Ok  I'll try to be more clear. So let's start from the beginning: I was trying to understand intentions of TAChart authors  please correct me if I'm wrong. Some note first: I'm sure that we are both aware of consequences of using floating point numbers / operations  in particular, that using a "=" operator will most probably lead us to trouble, and using "<=" or ">=" may still be not enough. I'm also sure, that original TAChart authors are also aware of this. Having this in mind, we can use two solutions to check if some value is in range: case A) When it is guaranteed, that range bounds are calculated precisely (see below): if (X >= RangeMin) and (X <= RangeMax) then ... case B) When there is no guarantee, that range bounds are calculated precisely: if (X >= RangeMin  SOME_ARBITRARY_MARGIN) and (X <= RangeMax + SOME_ARBITRARY_MARGIN) then ... When can we assume, that range is calculated precisely? When it has been obtained by using Min() and Max() operators, called on all range members  for example: we have data points at X1 = 1.234, X2 = 5.678 and X3 = 9, so range covering all of them will be: RangeMin = 1.234 and RangeMax = 9. In this case, RangeMin and RangeMax variables just hold (in their 8byte memory) binary copies of X1 and X3 variables, so comparing them cannot fail  i.e. "X1 >= RangeMin" will always return True, similarly to "X3 <= RangeMax". In TAChart, the initial range (i.e. initial FCurrentExtent) is calculated in TChart.GetFullExtent() function  more precisely in an internal JoinBounds() procedure: procedure JoinBounds(const ABounds: TDoubleRect); begin with Result do begin a.X := Min(a.X, ABounds.a.X); b.X := Max(b.X, ABounds.b.X); a.Y := Min(a.Y, ABounds.a.Y); b.Y := Max(b.Y, ABounds.b.Y); end; end; The Min() and Max() functions return binary contents of either first, or second parameter, so initial FCurrentExtent is calculated precisely  so this IsPointInViewPort() implementation can be safely used in this case: function TChart.IsPointInViewPort(const AP: TDoublePoint): Boolean; begin Result := not IsNan(AP) and InRange(AP.X, FCurrentExtent.a.X, FCurrentExtent.b.X) and InRange(AP.Y, FCurrentExtent.a.Y, FCurrentExtent.b.Y); end; Currently, XGraphMin, XGraphMax, YGraphMin and YGraphMax properties are used, but they redirect to FCurrentExtent, so this code is equivalent: function TChart.IsPointInViewPort(const AP: TDoublePoint): Boolean; begin Result := not IsNan(AP) and InRange(AP.X, XGraphMin, XGraphMax) and InRange(AP.Y, YGraphMin, YGraphMax); end; I think that TAChart authors designed this in this way intentionally: FCurrentExtent can be trusted to include all the range members (all data points), so simple "<=" and ">=" comparisons can be used in the whole chart's code. Initially, current extent (these days, current extent was split into 4 variables: FXGraphMin, FXGraphMax, FYGraphMin and FYGraphMax, and was not directly tied to the FCurrentExtent variable) has been used to calculate FScale and FOffset variables (needed to transform axis units into graph units), but original extent contents have NOT been touched  so everything worked as it was designed. So what happened later? At r19189, decision has been made to recalculate  in TChart.CalculateTransformationCoeffs()  the current extent, by using FScale (thanks to this change, a Proportional property could be introduced later, at r27069). As a consequence, current calculations look as follows: 1) FCurrentExtent is calculated (precisely!)  in TChart.GetFullExtent(), by enumerating all data points and using Min() and Max() calls 2) based on FCurrentExtent and current clipping rect, FScale is calculated (NOT precisely)  in TChart.CalculateTransformationCoeffs() 3) based on FScale, FOffset is calculated (NOT precisely)  in TChart.CalculateTransformationCoeffs() 4) (!!!) based on FScale and FOffset, FCurrentExtent is calculated back (NOT precisely)  in TChart.CalculateTransformationCoeffs() 5) this (NOT precisely calculated) FCurrentExtent is used in TChart.IsPointInViewPort() (which still assumed precisely calculated FCurrentExtent) and in other places in code, that I listed in my previous post (that list using "*", with "Draw" functions) Everything worked fine until point 4) was introduced at r19189, thus disturbing the original, precise FCurrentExtent contents. Consequences are serious: FCurrentExtent may now EXCLUDE some data points, although all the chart's code assumes, that this is impossible. Since, after the change introduced at r19189, authors neither decided to ensure, that FCurrentExtent still includes all the data points (case A above), nor to add some margin to all calculations (case B above), I assume this to be just an omission. Due to finite precision of calculating FScale in point 2), there are three possibilities: a) FScale is rounded up, so FCurrentExtent, recalculated in point 4), becomes a bit too tight, b) FScale has an ideal value, c) FScale is rounded down, so FCurrentExtent, recalculated in point 4), becomes a bit wider. Some examples from the attached animation: the original FCurrentExtent has always its Y range equal to 10 .. 21  then it is recalculated as:  for height 196 pixels, recalculated Y range is 10 .. 21.000000000000004 (a bit too wide  no problem here, all data points are still inside),  for height 208 pixels, recalculated Y range is 10 .. 21 (ideal range  no problem here, all data points are still inside),  for height 209 pixels, recalculated Y range is 9.999999999999998 .. 21 (too tight range  point having Y = 10 is no longer included). Please note, that there is no theoretical reason of making FCurrentExtent too tight. There is also no practical advantage  only the problem arisen. Not surprisingly, there are two possible solutions. Solution 1: All the chart's code, that currently assumes, that FCurrentExtent is guaranteed to include all the data points, must be modified (so the code must NOT make this assumption anymore)  this includes modifying the IsPointInViewPort() function, and also reviewing / modifying all these "Draw" functions that I listed in my previous post (that list using "*"). Advantages:  simple implementation in case of the IsPointInViewPort() function  it's enough to add some additional margin to calculations Disadvantages:  requires touching code, that has been working for years, in many places  does not fix the root cause of the problem  so FScale, FOffset and FCurrentExtent have still improper values: they can be read by the user, by using public properties  the user may get improper values  introduces additional inaccuracy (by adding some additional, arbitrary margins/bounds to calculations)  besides TChart.IsPointInViewPort(), also all the other current chart's code trusts FCurrentExtent contents (referenced to as CurrentExtent property)  i.e. all these "Draw" functions that I listed in my previous post (that list using "*"); in some cases, like in TBubbleSeries.Draw, it's hard to settle, what margins should be added to CurrentExtent, since CurrentExtent is not used for comparisons, but to calculate a clipping rect (so it seems that some pixels on the chart may remain unpainted due to too tight CurrentExtent): ext := ParentChart.CurrentExtent; clipR.TopLeft := ParentChart.GraphToImage(ext.a); clipR.BottomRight := ParentChart.GraphToImage(ext.b); NormalizeRect(clipR); ADrawer.ClippingStart(clipR);  it's errorprone: every future usage of the FCurrentExtent record must use some additional, arbitrary margins for calculations, otherwise results may be unexpected  not a big problem, but: widening the range in each comparison makes the execution a bit slower Solution 2: the cause of the problem can be fixed by ensuring, that FCurrentExtent includes all the data points again (which can be achieved by adjusting FScale's value, if rounded up). Advantages:  all the FScale, FOffset and FCurrentExtent have proper values again  no other, currently existing, chart's code needs to be modified  lack of other disadvantages listed above Disadvantages:  requires touching the code, that has been working for years I'll try to answer your questions (I'll be probably repeating myself, but I want to be as clear as possible): > What's wrong with CurrentExtent? The problem is that all the current chart's code assumes, that CurrentExtent (FCurrentExtent) includes all the data points  although, since r19189, this assumption is sometimes (in unlucky cases) not true. This makes some points or marks invisible, and probably causes also some other problems, not diagnosed yet (in these "Draw" functions that I listed in my previous post). In particular, since XGraphMin, XGraphMax, YGraphMin and YGraphMax are currently in fact references to FCurrentExtent, the TChart.IsPointInViewPort() function can be written as: function TChart.IsPointInViewPort(const AP: TDoublePoint): Boolean; begin Result := not IsNan(AP) and InRange(AP.X, FCurrentExtent.a.X, FCurrentExtent.b.X) and InRange(AP.Y, FCurrentExtent.a.Y, FCurrentExtent.b.Y); end; This shows, that improperly recalculated FCurrentExtent may make some data points excluded, although these points are valid and should remain within the range. This can be fixed by adding some margins to FCurrentExtent in IsPointInViewPort()  but also many other chart's functions use FCurrentExtent (CurrentExtent), so they can still manifest some improper behavior. > What's wrong with Scale? Scale (FScale) is used to calculate FOffset, and then finally to recalculate FCurrentExtent, so having improper (rounded up, a bit too large) FScale leads to having too tight FCurentExtent. In addition, having improper FScale leads to giving the chart's user improper scale value, when he uses a RenderingParams property. > The difference between 21 and 20.999999999999996? They are floating point numbers, and thus almost never are "exact". This is exactly as you say. Please take a look at the animation attached. In most cases, FCurrentExtent's range is a bit wider than it theoretically should  for example 10 .. 21.000000000000004. Sometimes its also ideal: 10 .. 21. And, unfortunately, sometimes it's more tight than it should be (so marks disappear). The solution, that I'm proposing, brings FCurrentExtent's range back to the ideal, or a bit wider, range  for example from 10 .. 20.999999999999996 to 10.000000000000014 .. 21.000000000000014  so all the data points are included again (this is done be correcting FScale, if it has been rounded up during calculations); nothing is touched in cases when FCurrentExtent's range already contains all the data points. Currently, a bit wider (than the ideal) range is used by the chart in about 4060% cases of painting, so I can't see big danger when changing also too tight range to an ideal or a bit too wide range. > Please be more specific what's wrong with all these Draw methods that you specify above. All of these methods use FCurrentExtent (CurrentExtent) and trust, that it includes all the data points  which is currently not always true. So either FCurrentExtent must be corrected (Option 2 above), or all of these functions must be reviewed / corrected to use some additional margin in calculations (which simulates that all the points are contained in FCurrentExtent  Option 1 above). > If they use the '=' operator for floating point comparisons somewhere these have to be fixed, but not tweaking the Scale value. Yes, they use "=", "<=" and ">=" operators  but only because chart has been designed in such way, that FCurrentExtent is generated by using Min() and Max() functions  so "=", "<=" and ">=" operations on range members cannot fail. But later, at r19189, a change has been introduced, that modifies FCurrentExtent a bit (not intentionally  but only due to floating point inaccuracy). There is no problem if FCurrentExtent becomes a bit too wide, but there is a problem when it becomes too tight  in this case, correcting the FScale value brings the FCurrentExtent to a valid range again  so all the chart's code, that uses FCurrentExtent, magically starts working properly again. And there is no need to review and/or modify all the places in code, where FCurrentExtent (CurrentExtent) is used  because it's again guaranteed to contain valid ranges (i.e. to include all the data points). Please let me know if I was clear enough this time. Thanks for your patience, by the way. Regards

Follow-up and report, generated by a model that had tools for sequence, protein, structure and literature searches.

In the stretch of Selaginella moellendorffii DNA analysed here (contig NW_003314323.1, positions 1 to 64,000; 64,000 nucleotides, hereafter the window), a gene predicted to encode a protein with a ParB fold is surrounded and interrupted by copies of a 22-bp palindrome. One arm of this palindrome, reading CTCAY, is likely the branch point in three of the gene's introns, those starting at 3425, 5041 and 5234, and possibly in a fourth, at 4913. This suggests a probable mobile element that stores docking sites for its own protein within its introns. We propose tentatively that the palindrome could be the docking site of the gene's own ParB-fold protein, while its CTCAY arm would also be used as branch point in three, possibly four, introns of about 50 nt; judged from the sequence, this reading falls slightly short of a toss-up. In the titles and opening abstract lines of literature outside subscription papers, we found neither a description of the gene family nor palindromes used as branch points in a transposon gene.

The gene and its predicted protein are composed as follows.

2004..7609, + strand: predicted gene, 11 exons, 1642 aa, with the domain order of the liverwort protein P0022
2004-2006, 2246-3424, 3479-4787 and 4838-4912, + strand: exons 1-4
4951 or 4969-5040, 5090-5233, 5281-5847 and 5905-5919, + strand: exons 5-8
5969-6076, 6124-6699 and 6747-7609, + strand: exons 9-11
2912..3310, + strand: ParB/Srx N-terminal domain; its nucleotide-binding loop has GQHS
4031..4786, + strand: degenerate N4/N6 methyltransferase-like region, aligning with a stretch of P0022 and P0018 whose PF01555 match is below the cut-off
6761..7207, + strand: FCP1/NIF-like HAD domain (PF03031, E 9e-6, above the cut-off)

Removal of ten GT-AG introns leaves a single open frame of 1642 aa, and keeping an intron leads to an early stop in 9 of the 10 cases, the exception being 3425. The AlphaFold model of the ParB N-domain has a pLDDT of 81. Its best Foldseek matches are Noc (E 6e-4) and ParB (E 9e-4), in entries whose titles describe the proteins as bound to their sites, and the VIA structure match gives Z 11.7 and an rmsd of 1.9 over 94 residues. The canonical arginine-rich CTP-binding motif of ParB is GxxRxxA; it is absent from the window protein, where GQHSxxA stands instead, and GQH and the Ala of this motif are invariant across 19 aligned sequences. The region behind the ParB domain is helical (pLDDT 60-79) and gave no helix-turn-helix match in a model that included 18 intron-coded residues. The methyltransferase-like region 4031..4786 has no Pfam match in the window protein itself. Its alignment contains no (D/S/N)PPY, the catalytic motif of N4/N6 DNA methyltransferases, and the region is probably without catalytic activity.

While I was tempted at some time to apply this patch I finally will not do it for the following reasons: Knowing of roundoff errors it is a wellaccepted strategy in most places to replace the = operator by the "SameValue()" function of the math unit. This means that every floating point number is assumed to be correct only within a given epsilon, and checking for equality means to see whether the epsilonranges of two floating point values overlap. Ignoring this can result in effects like the disappearing labels that you report here: Due to roundoff error data points occasionally were no longer found to be inside the viewport given by the chart's CurrentExtent. The correct way to fix them is the make TChart.IsPointInViewPort obey this simple rule. Your patch, however, expands the CurrentExtent so that all data points are enclosed, and the <= and >= operations used by TChart.IsPointInView are always correct. But: TChart.IsPointInView is a public function and can be applied to any number. Since this number can be subject to roundoff error as well the old issue remains: Is that number inside, outside or at the boundary of the CurrentExtent? Your recalibration of the CurrentExtent does not help here. And it must be considered that some other code may break your recalibration. When this happens the old bug will be back. But when your patch does not fix all the cases why is it there at all? You say: "there is no need to review and/or modify all the places in code, where FCurrentExtent (CurrentExtent) is used  because it's again guaranteed to contain valid ranges". Other than being an advantage I see this as a disadvantage of your patch. If there are really other bugs related to this topic something bad will happen without your patch  like the disappearing labels, or maybe disappearing data points  and it will be clear that something is wrong and needs to be fixed. With your patch this particular bug will remain in the library like a time bomb and may come back for some reason.